In funding continued development, setting the scene for greater community participation, and contributing to the game’s sci-fi lore, Planetary Syndicates wield a great deal of authority in the Alien Worlds ecosystem, much more than any regular gamer guild. The evidence for this influence is ample: players have been responsible for creating their own distinct organizations such as the Miners Union, a community faction created to benefit those who mine the game’s native Trilium currency. Signing up to the Miners Union entitles players to greater Syndicate voting power as well as Spacecrafts, which are used to recover TLM from drops.
Another organization launched by players, the Interplanetary Federation, aims to become a new kind of DAO that facilitates cross-Syndicate synergy: while the Planetary Syndicates will still compete with one another, Alien’ Worlds Interplanetary Federation intends to establish common ground between them and promote cooperation. And then there’s Battledome, a strategy card battler game created by the community and set in the Alien Worlds Metaverse. Funded by the Galactic Hubs grant program, Battledome sees players face-off in a last-man-standing confrontation armed with weapon, minion and avatar NFTs, all of which can be acquired from the main game’s NFT Outpost using points accrued from mining activities.
One of the cool things about DAOs in the context of gaming is that they can represent the interests of a disparate group of players; they can be broad churches whose members consist of creators and designers, asset owners/collectors, educators (often known as scholars) and active players/consumers – or all of the above simultaneously.
The emergence of guilds and DAOs have completely transformed the relationship players have to a game and to each other, as well as the power dynamic that formerly let publishers extract all the monetary value therein. Guilds have achieved this through scholarship programs that train and mentor new players, as well as the fraternal ties that form when gamers come together in pursuit of a common goal. DAOs, meanwhile, turn players from casual consumers into ardent co-creators who drive the canon forward.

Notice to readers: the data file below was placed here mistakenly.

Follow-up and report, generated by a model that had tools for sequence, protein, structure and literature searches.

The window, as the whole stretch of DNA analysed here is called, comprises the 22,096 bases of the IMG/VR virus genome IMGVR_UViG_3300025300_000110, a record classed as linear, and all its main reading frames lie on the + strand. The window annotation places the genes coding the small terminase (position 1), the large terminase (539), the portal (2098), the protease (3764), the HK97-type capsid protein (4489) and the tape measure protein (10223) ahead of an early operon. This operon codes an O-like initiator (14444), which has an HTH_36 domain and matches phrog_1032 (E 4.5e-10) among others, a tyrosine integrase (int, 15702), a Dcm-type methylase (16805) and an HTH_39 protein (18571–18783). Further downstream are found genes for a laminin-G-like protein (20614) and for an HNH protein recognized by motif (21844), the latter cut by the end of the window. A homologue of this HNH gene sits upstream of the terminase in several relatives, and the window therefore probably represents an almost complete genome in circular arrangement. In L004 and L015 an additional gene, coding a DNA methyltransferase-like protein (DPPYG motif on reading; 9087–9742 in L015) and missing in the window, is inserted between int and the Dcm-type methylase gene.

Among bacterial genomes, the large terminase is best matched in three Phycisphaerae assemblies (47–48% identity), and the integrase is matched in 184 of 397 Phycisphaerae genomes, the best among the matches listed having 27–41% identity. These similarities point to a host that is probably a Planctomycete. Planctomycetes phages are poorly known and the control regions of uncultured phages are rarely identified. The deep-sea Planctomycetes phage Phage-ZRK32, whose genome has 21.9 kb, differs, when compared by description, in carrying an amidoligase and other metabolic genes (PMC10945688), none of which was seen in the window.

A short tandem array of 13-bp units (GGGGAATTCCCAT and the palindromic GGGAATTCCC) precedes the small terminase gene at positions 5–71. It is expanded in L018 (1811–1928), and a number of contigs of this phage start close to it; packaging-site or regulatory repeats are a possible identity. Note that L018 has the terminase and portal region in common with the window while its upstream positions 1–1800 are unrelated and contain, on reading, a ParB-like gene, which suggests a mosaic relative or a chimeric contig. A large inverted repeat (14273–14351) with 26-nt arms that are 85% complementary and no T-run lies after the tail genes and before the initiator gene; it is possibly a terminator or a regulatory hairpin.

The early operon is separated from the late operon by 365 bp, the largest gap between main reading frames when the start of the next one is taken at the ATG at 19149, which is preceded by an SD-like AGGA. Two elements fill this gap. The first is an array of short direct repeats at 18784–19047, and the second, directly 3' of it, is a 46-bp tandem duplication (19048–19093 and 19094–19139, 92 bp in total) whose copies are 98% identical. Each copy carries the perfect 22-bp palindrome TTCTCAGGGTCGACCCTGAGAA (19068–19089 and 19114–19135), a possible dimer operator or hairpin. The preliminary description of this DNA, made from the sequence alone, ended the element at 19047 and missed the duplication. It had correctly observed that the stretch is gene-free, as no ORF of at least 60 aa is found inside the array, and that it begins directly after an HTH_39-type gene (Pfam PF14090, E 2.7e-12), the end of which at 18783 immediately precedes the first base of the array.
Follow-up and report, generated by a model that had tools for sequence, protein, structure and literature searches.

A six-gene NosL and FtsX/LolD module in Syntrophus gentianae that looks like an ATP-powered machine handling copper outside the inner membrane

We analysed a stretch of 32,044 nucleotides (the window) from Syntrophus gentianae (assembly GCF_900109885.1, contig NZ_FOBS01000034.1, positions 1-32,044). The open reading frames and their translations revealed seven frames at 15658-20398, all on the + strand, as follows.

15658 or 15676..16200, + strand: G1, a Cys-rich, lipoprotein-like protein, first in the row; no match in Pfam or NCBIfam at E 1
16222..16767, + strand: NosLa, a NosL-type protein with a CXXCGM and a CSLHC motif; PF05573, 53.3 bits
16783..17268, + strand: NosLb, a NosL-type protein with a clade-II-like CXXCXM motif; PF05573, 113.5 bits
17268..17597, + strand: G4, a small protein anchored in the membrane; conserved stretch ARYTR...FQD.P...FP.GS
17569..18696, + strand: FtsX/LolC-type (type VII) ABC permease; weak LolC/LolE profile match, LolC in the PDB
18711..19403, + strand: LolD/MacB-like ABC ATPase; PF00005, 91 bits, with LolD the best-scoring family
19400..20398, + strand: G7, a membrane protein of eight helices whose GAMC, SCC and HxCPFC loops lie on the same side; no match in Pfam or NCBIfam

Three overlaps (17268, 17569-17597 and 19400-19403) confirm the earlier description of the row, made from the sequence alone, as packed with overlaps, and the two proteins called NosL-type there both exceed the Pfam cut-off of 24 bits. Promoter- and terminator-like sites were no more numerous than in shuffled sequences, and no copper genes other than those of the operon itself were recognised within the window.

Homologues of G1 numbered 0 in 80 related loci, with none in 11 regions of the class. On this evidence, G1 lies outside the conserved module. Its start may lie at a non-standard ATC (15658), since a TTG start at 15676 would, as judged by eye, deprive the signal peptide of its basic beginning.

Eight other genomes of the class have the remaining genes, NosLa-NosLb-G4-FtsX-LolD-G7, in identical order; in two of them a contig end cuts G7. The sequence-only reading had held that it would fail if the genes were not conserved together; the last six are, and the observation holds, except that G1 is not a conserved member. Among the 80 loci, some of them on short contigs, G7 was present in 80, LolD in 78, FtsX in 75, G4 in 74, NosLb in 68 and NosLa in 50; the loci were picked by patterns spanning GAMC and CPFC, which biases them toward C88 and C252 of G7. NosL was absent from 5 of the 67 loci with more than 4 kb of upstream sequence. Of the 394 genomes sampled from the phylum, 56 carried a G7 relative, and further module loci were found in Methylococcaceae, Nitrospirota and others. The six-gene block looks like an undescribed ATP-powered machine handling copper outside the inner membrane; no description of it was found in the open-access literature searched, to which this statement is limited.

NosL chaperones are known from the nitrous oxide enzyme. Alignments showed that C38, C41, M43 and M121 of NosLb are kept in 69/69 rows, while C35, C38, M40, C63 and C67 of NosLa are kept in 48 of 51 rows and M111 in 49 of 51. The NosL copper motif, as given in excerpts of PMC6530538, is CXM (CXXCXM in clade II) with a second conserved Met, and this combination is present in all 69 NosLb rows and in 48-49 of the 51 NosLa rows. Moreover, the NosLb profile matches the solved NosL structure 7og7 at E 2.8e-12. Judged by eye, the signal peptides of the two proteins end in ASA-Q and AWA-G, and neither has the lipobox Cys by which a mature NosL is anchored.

The sort of community-driven game development and decentralized governance we see in Alien Worlds empowers players to enrich their playing environment, commercialize their intellectual property (IP), initiate pilot programs, and even mint special NFTs whose value is determined by other players. In short, they bring ownership of a game to those who make it tick in the first place.
This trend is not exclusive to web3 – creator platforms have started appearing in various games, giving players the ability to build their own unique experiences; indeed Roblox and Minecraft are largely powered by this kind of content. Advances in generative AI, meanwhile, are likely to improve these creative processes further, increasing players’ productivity and eliminating the need for technical skill to bring ideas to fruition.
What web3 technologies like smart contracts and DAOs do, however, is ensure that control is delegated away from a central authority (i.e. a publisher). Web2 game studios may create the illusion of player control but there is nothing to stop them from rescinding it at any moment. Assets aren’t owned by players, they’re licensed to them.
If cryptocurrencies are stores of value, gaming DAOs and the NFTs they create and own can be viewed as stores of culture – and this particular genie cannot simply be put back in the bottle. For that reason, blockchain games and the communities that bloom up around them represent the true evolution of gaming. There’s never been a better time to play.